Scientific publications

Scientific publications constitute the path, evolution and memory of our knowledge of the sectors and fields of application of our studies.

In this section we present some of the most significant examples of our research.

01 DEC 2014

Effects of luminance and illuminance on visual fatigue and arousal during digital reading

Authors: S Benedetto, A Carbone, V Drai-Zerbib, M Pedrotti, T Baccino
Journal: Computers in Human Behavior

We investigated the conjoint effect of screen luminance and ambient illuminance on visual fatigue and arousal during prolonged digital reading (one hour) by means of a multidimensional approach based on eye, performance and subjective measures. Two levels of screen luminance (low, high) and two levels of ambient illuminance (low, high) were tested in a 2 × 2 between-subjects design in which participants were arbitrarily allocated to four groups, one for each combined level of luminance and illuminance. Results showed that reading under high levels of screen luminance increases visual fatigue, as reflected by a decrease of eye blinks. Concerning arousal, exposure to higher levels of either luminance or illuminance increased alertness and performance. Faster saccades, increased reading speed and less microsaccades were found under high screen luminance. Fewer regressive saccades and shorter reaction times were observed under high ambient illuminance. However, the reason why some of these measures are sensitive to screen luminance while other to ambient illuminance remains unknown. These findings might have practical implications for the implementation of adaptive brightness solutions and for the online detection of both visual fatigue and arousal levels during digital reading.

13 OCT 2014

Automatic stress classification with pupil diameter analysis

Authors: M Pedrotti , MA Mirzaei , A Tedesco , JR Chardonnet , F Mérienne , S Benedetto & T Baccino
Journal: International Journal of Human-Computer Interaction

This article proposes a method based on wavelet transform and neural networks for relating pupillary behavior to psychological stress. The proposed method was tested by recording pupil diameter and electrodermal activity during a simulated driving task. Self-report measures were also collected. Participants performed a baseline run with the driving task only, followed by three stress runs where they were required to perform the driving task along with sound alerts, the presence of two human evaluators, and both. Self-reports and pupil diameter successfully indexed stress manipulation, and significant correlations were found between these measures. However, electrodermal activity did not vary accordingly. After training, the four-way parallel neural network classifier could guess whether a given unknown pupil diameter signal came from one of the four experimental trials with 79.2% precision. The present study shows that pupil diameter signal has good discriminating power for stress detection.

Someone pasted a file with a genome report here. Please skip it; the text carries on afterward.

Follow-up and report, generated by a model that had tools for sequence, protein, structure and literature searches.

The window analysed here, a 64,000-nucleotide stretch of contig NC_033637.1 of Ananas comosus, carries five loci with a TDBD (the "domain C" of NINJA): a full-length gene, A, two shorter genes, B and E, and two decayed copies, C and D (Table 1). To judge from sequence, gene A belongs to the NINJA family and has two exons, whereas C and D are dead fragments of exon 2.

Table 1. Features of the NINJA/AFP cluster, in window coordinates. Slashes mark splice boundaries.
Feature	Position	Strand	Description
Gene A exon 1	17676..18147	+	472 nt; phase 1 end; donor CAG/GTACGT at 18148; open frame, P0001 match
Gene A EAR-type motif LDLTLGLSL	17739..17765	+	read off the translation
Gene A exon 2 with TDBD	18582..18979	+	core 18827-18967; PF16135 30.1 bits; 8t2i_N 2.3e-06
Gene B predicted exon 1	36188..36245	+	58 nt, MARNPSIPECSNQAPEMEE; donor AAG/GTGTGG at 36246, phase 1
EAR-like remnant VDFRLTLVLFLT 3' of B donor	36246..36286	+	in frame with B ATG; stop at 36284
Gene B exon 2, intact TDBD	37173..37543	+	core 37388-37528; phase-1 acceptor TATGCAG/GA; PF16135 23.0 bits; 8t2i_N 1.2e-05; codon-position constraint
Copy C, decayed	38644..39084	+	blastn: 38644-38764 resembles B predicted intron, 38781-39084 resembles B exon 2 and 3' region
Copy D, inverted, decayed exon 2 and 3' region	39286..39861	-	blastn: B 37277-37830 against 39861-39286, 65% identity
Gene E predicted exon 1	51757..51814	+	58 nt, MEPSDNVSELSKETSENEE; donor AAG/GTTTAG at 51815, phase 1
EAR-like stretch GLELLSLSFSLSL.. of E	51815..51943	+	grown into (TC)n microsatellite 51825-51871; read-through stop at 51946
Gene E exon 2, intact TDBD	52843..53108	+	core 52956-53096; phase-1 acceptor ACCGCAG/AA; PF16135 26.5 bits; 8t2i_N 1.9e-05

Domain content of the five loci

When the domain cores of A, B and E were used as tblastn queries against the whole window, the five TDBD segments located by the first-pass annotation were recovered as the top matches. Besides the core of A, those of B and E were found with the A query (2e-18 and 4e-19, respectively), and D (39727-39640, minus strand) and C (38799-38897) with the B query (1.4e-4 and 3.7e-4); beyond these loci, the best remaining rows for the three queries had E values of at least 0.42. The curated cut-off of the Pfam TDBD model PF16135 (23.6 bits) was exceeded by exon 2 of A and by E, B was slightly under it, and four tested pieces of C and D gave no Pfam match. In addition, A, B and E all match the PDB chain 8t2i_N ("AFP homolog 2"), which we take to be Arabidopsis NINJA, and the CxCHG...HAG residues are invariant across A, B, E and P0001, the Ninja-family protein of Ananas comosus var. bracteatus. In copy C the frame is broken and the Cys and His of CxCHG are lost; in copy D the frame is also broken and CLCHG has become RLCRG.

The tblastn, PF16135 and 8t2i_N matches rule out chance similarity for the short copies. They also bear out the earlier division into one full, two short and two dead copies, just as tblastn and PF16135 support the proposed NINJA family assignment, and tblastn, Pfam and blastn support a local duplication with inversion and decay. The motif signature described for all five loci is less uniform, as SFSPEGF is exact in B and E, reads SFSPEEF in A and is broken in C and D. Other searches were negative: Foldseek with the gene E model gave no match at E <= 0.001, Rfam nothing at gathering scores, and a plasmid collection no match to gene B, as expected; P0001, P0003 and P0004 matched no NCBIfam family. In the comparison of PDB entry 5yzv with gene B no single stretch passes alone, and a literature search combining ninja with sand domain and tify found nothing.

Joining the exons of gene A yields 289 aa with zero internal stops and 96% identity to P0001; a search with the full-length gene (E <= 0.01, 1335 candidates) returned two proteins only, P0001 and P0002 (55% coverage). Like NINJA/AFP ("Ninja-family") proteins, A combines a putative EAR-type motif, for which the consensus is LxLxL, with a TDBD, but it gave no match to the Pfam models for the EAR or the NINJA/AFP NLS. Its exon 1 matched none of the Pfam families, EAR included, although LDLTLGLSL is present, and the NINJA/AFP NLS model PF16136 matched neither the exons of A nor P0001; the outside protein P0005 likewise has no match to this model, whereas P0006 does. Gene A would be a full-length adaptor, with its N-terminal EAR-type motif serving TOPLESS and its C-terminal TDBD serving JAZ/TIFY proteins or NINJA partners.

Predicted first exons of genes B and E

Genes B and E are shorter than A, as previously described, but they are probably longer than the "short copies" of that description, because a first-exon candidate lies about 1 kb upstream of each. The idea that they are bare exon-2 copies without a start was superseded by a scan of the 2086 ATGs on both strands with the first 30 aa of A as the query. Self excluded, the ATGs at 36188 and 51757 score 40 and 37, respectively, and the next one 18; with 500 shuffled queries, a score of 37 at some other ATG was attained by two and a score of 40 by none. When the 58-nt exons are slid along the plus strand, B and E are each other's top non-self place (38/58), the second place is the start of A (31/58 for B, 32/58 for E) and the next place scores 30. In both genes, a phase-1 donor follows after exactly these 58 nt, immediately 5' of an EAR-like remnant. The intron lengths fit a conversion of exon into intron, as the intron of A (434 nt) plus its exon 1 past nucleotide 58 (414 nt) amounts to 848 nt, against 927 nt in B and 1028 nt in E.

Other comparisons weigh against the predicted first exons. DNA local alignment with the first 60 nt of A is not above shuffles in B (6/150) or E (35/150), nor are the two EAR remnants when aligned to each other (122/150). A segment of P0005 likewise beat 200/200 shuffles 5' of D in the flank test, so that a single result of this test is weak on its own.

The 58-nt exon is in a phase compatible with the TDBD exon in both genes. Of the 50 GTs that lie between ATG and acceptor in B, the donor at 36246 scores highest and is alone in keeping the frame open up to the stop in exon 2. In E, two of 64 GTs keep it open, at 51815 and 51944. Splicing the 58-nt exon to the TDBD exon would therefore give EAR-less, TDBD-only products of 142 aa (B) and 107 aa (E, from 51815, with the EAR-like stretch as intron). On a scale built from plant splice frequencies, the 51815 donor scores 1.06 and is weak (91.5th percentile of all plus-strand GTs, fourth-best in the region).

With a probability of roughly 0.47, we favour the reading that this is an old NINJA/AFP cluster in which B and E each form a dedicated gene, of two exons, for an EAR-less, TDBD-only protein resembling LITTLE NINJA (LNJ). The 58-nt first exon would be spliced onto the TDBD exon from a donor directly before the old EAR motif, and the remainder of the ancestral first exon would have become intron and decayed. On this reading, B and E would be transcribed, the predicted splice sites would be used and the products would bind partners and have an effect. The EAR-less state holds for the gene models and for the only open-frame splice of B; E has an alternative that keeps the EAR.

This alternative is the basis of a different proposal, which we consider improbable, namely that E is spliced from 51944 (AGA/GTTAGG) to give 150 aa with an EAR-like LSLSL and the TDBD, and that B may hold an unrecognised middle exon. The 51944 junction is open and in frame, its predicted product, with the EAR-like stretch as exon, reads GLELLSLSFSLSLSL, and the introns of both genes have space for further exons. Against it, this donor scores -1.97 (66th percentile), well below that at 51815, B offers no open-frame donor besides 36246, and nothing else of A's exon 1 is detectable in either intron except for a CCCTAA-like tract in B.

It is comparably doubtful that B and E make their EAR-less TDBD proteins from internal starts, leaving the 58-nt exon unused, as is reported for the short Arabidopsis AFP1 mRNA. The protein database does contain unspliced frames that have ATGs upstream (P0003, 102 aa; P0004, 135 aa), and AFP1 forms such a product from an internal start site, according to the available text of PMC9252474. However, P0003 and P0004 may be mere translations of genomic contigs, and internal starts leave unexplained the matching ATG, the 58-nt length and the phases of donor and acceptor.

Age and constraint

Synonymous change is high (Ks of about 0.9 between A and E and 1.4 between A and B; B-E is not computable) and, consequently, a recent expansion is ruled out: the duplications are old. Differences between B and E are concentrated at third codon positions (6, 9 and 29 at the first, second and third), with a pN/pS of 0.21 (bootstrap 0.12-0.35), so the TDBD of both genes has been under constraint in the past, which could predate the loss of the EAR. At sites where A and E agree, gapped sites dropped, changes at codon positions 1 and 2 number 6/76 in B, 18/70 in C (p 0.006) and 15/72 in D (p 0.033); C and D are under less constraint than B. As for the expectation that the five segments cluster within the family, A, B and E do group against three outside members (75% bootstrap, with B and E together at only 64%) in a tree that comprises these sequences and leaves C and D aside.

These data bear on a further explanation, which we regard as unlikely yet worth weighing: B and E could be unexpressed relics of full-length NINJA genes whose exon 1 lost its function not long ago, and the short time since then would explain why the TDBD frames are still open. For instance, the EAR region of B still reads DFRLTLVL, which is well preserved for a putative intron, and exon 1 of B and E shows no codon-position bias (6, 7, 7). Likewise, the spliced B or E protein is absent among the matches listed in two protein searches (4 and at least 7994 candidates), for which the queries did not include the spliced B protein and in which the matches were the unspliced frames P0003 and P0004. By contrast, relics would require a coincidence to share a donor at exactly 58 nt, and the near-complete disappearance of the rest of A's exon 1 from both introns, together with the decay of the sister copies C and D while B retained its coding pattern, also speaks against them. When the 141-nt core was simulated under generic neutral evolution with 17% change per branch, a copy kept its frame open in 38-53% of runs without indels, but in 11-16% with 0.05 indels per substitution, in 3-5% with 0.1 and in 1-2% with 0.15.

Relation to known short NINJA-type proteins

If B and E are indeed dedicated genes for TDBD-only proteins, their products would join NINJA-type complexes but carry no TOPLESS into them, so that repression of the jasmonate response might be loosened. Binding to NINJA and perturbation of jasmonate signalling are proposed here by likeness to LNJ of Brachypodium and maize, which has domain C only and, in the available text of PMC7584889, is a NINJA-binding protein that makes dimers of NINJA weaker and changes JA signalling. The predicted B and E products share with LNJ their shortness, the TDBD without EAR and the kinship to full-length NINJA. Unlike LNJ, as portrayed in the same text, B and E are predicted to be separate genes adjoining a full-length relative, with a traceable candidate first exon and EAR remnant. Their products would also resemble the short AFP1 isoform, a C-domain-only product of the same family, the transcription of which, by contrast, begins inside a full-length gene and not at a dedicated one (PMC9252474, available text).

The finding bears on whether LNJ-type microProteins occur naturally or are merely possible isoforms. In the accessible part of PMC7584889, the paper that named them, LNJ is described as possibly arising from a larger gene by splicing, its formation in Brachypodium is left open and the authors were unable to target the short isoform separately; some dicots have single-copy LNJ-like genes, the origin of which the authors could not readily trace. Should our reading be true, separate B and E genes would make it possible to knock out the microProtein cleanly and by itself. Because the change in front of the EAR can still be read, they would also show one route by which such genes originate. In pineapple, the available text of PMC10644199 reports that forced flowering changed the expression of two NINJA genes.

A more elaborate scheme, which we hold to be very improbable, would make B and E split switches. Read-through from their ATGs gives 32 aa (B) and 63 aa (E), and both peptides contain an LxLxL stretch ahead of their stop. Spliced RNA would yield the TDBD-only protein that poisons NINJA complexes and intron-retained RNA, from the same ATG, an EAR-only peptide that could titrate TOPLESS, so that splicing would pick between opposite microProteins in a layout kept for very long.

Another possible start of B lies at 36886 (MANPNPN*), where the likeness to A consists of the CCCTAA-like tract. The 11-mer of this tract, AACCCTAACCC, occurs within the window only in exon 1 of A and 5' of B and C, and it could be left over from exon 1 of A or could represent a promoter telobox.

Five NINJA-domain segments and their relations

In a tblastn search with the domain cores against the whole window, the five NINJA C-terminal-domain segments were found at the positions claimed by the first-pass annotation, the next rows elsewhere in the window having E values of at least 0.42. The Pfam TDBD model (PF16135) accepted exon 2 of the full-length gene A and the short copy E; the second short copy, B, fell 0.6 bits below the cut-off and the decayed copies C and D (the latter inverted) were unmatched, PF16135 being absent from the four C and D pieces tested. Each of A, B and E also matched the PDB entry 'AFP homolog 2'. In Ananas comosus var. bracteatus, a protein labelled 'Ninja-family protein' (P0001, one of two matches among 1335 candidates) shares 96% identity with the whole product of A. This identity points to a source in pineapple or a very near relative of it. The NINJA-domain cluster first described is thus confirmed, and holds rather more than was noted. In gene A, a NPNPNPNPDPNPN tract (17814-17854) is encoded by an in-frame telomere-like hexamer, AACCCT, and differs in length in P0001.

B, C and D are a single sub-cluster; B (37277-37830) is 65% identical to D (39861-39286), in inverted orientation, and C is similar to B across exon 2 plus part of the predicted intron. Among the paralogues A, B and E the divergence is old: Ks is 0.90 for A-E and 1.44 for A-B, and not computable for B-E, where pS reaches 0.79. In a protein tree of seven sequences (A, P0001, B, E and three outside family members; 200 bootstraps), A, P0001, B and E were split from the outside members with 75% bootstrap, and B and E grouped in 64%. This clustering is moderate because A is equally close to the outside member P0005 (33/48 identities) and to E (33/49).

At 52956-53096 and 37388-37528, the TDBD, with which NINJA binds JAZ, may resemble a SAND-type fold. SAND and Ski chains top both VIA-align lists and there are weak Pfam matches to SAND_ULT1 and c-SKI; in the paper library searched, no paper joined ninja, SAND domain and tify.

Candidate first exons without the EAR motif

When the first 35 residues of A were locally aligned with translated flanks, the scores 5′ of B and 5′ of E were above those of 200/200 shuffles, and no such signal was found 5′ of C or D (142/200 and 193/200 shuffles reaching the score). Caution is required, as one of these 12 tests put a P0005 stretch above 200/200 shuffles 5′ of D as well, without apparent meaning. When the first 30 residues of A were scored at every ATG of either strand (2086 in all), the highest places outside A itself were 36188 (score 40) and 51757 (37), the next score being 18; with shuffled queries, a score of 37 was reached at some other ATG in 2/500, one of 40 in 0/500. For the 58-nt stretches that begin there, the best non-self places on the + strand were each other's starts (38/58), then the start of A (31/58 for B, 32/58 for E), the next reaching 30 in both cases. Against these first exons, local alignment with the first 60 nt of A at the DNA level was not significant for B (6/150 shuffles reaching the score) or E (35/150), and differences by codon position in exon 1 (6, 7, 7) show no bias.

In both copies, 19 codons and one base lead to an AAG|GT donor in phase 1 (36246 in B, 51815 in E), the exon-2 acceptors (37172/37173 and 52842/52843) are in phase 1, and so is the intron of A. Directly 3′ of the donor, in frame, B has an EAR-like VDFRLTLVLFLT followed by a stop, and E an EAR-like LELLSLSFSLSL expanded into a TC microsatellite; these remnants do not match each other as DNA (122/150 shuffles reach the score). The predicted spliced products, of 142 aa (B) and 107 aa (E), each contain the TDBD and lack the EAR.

01 JAN 2014

A comparison of immersive and interactive motorcycle simulator configurations

Authors: S Benedetto, R Lobjois, V Faure, NT Dang, M Pedrotti, S Caro
Journal: Transportation research part F: traffic psychology and behaviour

Two main factors seem to contribute to the development of a riding configuration, and consequently of a motorcycle simulator: the trajectory control modality and the leaning rendering. The goal of this study was to compare two riding simulator configurations through the assessment of the underlying mental workload adopting a multidimensional approach based on psychophysiological, performance, and subjective measures. In the first configuration (reduced motion), the trajectory control is obtained by means of positive steering, while the leaning is produced just by tilting the visual scene. Like a real motorbike, the second configuration (dynamic) allows a progressive transition between positive and counter steering as the speed increases, whereas the leaning is rendered by splitting the rolling angle between the tilting of the visual scene and the rolling of the platform. Each participant completed six lane-change tasks per configuration, of which the first three and the last one were single tasks, and the remaining two were dual tasks. The occurrence of three single-task runs at the beginning of the experiment allowed us to examine the process of adaptation to each configuration, which is a critical precondition for simulator validity. The dynamic configuration proved to have higher validity, as confirmed by psychophysiological and subjective measures. Findings might have implications for the development of future riding simulators.

Related articles: